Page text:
Not every plant requires 12 hours of darkness per night to begin flowering (in fact, many do not). That’s just used because it works for most strains. Also, consider the equatorial sativa types – these strains come from regions where the light/dark hours simply don’t change much throughout the year. I would not be surprised if such strains trigger from more minor differences in the light/dark schedule (even though some people flower them under 13 hours of darkness, to shorten the overall flowering period).

    If you cannot interrupt the dark cycle (and every night for about a week), don’t worry overmuch. It’ll probably still finish reverting in time to grow a bit and then flower normally. And it may end up being somewhat bushier than usual. You are certainly not the first person to have ever experienced this phenomenon.

    Respectfully,
    Tortured Soul

    Democracy is two wolves and a lamb voting on what to have for lunch. Liberty is a well-armed lamb contesting the vote.-Ben Franklin

    Everyone is entitled to their own opinion, but not their own facts.–Daniel Patrick Moynihan

    Life’ll Kill Ya.-Warren Zevon

    The dinosaurs became extinct because they didn’t have a space program. -Larry Niven

    Hoping somebody can help me out here. I started 6 plants from clones about 2 months ago. All are Grand Daddy Purps. I grew them in pots and brought them in…

    Plants flowering too early?? Please help!!

    anarchy2465
    Well-Known Member
    TripX
    Member

    Fourteen days ago I put my clones outdoors (planted) that I had picked up from an acquaintance.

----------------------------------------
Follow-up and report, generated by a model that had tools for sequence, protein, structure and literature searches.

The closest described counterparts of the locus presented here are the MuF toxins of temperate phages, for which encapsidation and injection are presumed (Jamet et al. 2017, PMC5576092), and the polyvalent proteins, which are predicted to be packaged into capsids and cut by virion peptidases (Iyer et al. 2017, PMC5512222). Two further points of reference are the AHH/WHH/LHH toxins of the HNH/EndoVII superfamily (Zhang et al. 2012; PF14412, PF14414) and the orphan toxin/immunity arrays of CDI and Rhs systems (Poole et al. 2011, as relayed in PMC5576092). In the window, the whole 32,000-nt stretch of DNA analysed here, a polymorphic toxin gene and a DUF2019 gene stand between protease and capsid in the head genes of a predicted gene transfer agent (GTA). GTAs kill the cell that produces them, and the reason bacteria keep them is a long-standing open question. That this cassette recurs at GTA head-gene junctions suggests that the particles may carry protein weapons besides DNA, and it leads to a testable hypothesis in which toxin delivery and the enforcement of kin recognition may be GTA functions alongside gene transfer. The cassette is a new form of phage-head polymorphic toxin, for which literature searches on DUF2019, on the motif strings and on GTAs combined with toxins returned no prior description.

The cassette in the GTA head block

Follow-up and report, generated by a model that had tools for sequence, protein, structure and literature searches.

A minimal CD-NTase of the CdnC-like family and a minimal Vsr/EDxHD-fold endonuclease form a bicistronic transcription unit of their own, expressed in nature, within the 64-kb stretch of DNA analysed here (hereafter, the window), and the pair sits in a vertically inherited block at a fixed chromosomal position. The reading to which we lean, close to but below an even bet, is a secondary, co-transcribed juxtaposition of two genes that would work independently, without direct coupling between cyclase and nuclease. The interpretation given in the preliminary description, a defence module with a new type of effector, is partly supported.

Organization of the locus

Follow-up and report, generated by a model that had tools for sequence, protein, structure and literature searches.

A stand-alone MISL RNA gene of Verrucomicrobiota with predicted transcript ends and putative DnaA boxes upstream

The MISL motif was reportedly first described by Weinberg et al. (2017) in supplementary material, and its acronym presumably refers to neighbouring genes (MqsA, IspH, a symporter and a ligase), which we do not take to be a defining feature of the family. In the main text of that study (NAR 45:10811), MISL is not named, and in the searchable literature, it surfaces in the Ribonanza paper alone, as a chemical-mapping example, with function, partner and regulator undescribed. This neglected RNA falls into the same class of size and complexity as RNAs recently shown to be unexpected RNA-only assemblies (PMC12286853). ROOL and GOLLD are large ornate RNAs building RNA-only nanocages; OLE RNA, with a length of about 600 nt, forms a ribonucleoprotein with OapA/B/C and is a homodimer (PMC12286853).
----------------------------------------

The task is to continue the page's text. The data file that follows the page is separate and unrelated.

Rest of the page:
A few of them have begun to flower, a few have gone on to heaven and some look better than others.

    I believe stress and a confusion of lighting, such as decreasing available light from 18-24 hours a day (most indoor, where the clones were being brought to fruition) has caused the switch to flowering as the plants go into survival mode to quickly reproduce.

    I am a confident that as the days grow longer they will switch into the vegetative state as they are still young, and your plants probably will as well.

    TURKEYNECK
    Old School
    TripX
    Member
    donkey942
    Well-Known Member
    pcduck
    Feed the soil, not the plant
    TripX
    Member

    Update: Plants have not yet returned to veg, even after another two weeks.

    Plants have been in ground for 30 days now, and all have flipped into flowering mode.

    To supplement the issue, two weeks ago I picked up five more clones (Purple Urkel) and to my dismay they have also flipped into flowering!

    I am using Advanced Nutrients Heavy Harvest Spring, at a medium dosage (one time application, time release) and their B-52 and Sensizym products. I have also used Plant Success, which is a pro biotic mychorrizae formula with all of the same properties as AV’s Piranha but 1/5 the cost.

    Growth seems stunted, some have not grown more than two inches in thirty days. are they still developing roots? A very vigorously growing clone, strain type XXX has reached about a foot, and looking good, but it has also flipped. All of these plants are now rapidly producing trichromes on the leaves. Should I give these another two weeks or go for an entire new crop of clones?

    Monetary loss will be insignificant in the long run if they need to be replaced, we all know what overpriced Cali weed costs.

    Hey I'm located in the west coast and I put out a couple plants outdoors about a month ago (end of march) when sunlight was just approaching 12 hours a day…